Slaoui updates on COVID-19 vaccines, warns about slow enrollment in adolescent trial
If clinical trials yield positive results, Johnson & Johnson’s COVID-19 vaccine could be authorized in the U.S. by mid-February, the Oxford/AstraZeneca vaccine could receive Emergency Use Authorization in late March, and a vaccine from Novavax could be authorized in late April, Moncef Slaoui, scientific adviser and co-leader of Operation Warp Speed said Tuesday.
Correlates of protection that could speed the development of additional COVID-19 vaccines could be validated in the middle of next month, facilitating the development of additional vaccines, he added.
Along with positive news on vaccine development, Slaoui lamented slow recruitment of adolescents in a trial of the COVID-19 vaccine from Moderna Inc. (NASDAQ:MRNA).
Analysis of data from a Phase III trial of the vaccine candidate from the Janssen unit of Johnson & Johnson (NYSE:JNJ) “will be completed before the end of the month and the EUA submission will take place at the end of this month,” Slaoui said. FDA could issue an EUA in mid-February, he added.
Operation Warp Speed expects to have “single digit millions” of doses of the J&J available in the second half of February, with inventories ramping up substantially in March and April, Slaoui said. The company is testing and expects to deploy a single-dose regimen.
Slaoui expects AstraZeneca plc (LSE:AZN; NASDAQ:AZN) to complete the U.S. Phase III trial of its COVID-19 vaccine and submit an EUA request to FDA in the first week of March. Authorization could come “somewhere towards the latter part of the month of March” he said.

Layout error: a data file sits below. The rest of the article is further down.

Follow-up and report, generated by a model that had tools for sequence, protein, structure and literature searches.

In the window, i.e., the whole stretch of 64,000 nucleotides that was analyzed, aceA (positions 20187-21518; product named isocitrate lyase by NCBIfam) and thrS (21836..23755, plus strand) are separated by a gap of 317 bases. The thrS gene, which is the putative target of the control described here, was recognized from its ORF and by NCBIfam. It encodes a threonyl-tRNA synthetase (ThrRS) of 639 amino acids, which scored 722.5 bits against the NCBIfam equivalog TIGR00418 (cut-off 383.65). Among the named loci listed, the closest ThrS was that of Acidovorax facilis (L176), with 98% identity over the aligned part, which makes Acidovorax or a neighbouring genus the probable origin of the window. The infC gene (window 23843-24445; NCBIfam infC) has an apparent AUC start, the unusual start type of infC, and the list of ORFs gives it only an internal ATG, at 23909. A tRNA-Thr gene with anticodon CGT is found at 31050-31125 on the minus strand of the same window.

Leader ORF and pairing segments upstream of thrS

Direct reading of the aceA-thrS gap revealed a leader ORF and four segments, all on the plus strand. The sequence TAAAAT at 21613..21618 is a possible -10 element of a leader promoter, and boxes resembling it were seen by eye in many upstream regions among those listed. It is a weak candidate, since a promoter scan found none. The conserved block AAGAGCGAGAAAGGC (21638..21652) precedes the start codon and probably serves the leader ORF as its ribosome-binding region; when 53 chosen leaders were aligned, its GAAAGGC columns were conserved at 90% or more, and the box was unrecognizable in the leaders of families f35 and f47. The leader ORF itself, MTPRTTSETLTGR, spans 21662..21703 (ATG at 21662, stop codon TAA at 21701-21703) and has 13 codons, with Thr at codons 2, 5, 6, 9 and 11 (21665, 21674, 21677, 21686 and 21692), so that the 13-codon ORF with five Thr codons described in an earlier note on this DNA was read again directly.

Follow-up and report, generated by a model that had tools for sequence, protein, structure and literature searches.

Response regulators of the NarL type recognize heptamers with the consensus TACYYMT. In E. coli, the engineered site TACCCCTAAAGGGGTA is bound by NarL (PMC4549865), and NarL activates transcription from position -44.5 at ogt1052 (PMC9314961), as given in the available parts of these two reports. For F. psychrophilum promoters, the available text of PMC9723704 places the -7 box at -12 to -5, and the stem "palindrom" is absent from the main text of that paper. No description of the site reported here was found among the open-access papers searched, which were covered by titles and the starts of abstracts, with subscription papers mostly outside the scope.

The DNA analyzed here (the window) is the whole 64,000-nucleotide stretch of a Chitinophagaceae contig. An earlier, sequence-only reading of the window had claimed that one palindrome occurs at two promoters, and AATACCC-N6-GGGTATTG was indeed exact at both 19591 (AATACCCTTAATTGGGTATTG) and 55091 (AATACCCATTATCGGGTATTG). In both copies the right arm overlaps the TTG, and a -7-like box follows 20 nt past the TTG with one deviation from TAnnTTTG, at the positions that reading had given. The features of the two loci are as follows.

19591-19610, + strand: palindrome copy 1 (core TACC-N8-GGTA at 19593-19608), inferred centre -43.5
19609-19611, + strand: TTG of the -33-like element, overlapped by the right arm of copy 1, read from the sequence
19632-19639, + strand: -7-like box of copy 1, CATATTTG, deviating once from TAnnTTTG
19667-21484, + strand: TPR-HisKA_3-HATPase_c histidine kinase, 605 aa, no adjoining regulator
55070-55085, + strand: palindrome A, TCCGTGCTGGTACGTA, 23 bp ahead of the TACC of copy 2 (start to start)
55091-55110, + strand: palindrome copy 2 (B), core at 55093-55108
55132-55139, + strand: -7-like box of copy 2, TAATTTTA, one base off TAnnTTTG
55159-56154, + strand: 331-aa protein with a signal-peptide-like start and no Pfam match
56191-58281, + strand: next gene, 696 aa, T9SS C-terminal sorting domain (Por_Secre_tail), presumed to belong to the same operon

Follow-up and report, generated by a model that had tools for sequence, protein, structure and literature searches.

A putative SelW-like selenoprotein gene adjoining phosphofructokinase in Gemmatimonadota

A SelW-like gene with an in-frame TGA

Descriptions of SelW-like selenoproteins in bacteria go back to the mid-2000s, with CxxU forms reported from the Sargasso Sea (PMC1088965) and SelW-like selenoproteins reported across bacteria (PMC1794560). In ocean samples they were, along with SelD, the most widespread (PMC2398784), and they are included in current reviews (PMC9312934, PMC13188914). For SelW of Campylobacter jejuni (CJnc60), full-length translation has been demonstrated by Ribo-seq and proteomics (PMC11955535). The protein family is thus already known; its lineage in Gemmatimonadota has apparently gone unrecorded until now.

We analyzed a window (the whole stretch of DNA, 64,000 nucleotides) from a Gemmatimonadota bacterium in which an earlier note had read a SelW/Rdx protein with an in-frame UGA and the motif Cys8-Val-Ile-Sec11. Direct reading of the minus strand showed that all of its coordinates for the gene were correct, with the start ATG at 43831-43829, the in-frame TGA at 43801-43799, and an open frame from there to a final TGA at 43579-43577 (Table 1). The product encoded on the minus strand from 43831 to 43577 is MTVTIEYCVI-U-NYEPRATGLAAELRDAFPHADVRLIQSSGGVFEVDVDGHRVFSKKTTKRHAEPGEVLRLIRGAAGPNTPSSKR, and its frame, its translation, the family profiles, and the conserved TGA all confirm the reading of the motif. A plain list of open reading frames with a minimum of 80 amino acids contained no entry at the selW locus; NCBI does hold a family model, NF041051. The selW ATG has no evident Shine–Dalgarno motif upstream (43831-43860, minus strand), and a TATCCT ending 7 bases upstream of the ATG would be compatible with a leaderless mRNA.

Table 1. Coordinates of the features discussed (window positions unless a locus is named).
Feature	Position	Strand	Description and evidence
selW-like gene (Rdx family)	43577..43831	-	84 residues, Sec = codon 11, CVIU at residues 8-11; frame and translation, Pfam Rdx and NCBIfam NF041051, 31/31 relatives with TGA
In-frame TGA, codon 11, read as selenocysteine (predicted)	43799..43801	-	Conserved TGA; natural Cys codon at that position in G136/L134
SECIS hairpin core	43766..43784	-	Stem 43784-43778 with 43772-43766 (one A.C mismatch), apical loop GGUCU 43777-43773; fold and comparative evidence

Novavax Inc. (NASDAQ:NVAX), which, like Moderna, J&J, and AstraZeneca is receiving financial support from Warp Speed, has recruited about 8,000 volunteers for its Phase III trial and is recruiting 800 individuals per day, Slaoui reported. Trial recruitment is expected to be completed in early February, and outcomes data could be available in late March or April, he said.
Sanofi (Euronext:SAN; NASDAQ:SNY) plans to start a Phase IIb trial in mid-February of a vaccine it is developing in partnership with GlaxoSmithKline plc (LSE:GSK; NYSE:GSK). The trial will compare the adjuvanted protein-based vaccine to an mRNA vaccine, Slaoui said.
Slaoui did not provide an estimated timeline for the Sanofi vaccine, but he suggested that rather than launching a Phase III trial, it could be be reviewed based on correlates of protection that NIH and COVID-19 vaccine manufacturers are working to validate.
The validation of immune correlates of protection for COVID-19 vaccines is “super important,” Slaoui said because they will “dramatically accelerate potential approval of other vaccines, including the protein vaccines, particularly the vaccine from Sanofi.”
In contrast to the rapid recruitment of volunteers for trials in adults, a trial in 12-18 year-olds of the COVID-19 vaccine from Moderna is “a real challenge,” Slaoui said. In four weeks, only 800 adolescents have enrolled in the trial, which is designed to include 3,000 volunteers.
“It’s really very important for all of us, for all the population in America to realize that we can’t have that indication unless adolescents age 12 to 18 decide to participate” in the trial, he said.